Will I lose my hair?
Hair loss from chemotherapy is different for everyone. Your oncologist will be able to give you more information about whether this will happen to you.
After starting chemotherapy, if your hair is going to fall out, it will probably do so gradually at first, and then more rapidly over the next few weeks. You may find that you’ll feel cold, even in summer, so having a beanie for day and night-time use is a good idea.
The good news is that your hair will start growing again once your treatment is completed. It will return initially as very fine, baby-fluff hair, and then gradually grow out. Most women find their hair comes back in a slightly different colour, and is often ‘wiry’ (some call this 'chemo curls') for some time until their natural hair texture returns.
Some women find that wigs, headscarves or turbans are a comforting option while waiting for their hair to grow back so this is a choice that you may like to consider.
Finding the right headwear for you
The Ministry of Health provides a subsidy for adults with temporary hair loss. This could cover the cost of scarves/hats/turbans or a synthetic wig.
The subsidy is $408.88 (GST incl) over a one-year period. If your wig costs more than this, you will need to pay the remainder. The subsidy can be claimed if you are a New Zealand citizen or ordinarily a resident in New Zealand and if you are undergoing a treatment for breast cancer that causes hair loss. To claim the subsidy you will need a Medical Certificate with your NHI number from your breast cancer specialist or oncology nurse.
The Wigs and Hairpieces Service Payment (WHSP) is administered by HealthPac on behalf of the Ministry of Health and is paid directly to the supplier of the product(s) or to you, if you’ve already purchased the product. For more information on the wigs subsidy please visit The Ministry of Health’s Wigs Subsidy or contact the HealthPac enquiry line: Freephone 0800 458 448.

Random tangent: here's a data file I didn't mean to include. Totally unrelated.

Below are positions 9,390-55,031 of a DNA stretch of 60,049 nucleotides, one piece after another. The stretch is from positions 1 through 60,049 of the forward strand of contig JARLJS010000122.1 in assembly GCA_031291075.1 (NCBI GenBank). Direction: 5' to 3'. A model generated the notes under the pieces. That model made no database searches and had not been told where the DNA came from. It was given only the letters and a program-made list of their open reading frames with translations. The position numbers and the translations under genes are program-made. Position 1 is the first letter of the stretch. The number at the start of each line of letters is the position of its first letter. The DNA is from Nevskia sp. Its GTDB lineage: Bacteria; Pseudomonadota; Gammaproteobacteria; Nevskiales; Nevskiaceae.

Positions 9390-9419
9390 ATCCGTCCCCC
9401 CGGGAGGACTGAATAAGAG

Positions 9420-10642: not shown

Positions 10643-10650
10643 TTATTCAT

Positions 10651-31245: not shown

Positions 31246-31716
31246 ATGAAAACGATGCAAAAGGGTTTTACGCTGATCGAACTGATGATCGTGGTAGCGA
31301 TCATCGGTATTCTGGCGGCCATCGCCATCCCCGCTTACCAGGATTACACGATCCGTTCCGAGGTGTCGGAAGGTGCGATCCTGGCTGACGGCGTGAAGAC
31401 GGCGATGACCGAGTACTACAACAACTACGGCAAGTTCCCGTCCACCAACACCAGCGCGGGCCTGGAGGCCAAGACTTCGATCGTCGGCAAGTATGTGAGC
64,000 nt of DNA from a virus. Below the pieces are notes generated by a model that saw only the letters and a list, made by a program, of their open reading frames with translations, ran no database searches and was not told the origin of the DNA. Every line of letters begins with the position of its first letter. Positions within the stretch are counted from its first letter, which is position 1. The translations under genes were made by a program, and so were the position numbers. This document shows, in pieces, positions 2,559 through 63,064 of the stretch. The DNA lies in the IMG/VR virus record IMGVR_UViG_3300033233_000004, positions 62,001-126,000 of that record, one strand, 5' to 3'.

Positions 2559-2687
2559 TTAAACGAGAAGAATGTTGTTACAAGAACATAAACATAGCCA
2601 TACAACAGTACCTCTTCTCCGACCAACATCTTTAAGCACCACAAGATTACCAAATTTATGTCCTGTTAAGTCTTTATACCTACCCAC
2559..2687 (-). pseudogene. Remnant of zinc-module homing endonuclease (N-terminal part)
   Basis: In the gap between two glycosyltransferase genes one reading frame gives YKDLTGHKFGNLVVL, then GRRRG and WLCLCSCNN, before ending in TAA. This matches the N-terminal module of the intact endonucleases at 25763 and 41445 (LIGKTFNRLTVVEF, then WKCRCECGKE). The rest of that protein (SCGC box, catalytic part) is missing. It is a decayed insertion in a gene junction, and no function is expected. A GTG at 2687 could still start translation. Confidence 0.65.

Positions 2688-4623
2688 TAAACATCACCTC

Your specialist team may provide you with a list of wig suppliers in your area. Alternatively, check out the wigs, scarves and headwear category on the Breast Cancer Services Directory, or contact your local Cancer Society for help. When you have chosen your wig or headwear, the supplier will make the claim to HealthPac for you, or you can make it yourself if you prefer.
Webinar: Hair today, gone tomorrow
This webinar looks at preparing for hair loss during cancer treatment, caring for your hair during and after treatment, and scalp cooling to prevent hair loss.
How to donate your hair
If you would like to donate your hair, the company Freedom Wigs in Dunedin will give a donation to a charity of your choice. Your hair must be at least 14 inches (35.5 cm) long and cannot have been bleached, dyed or permed. This is a fantastic programme, as your hair will improve the life of New Zealanders with alopecia, cancer-related baldness and other hair loss.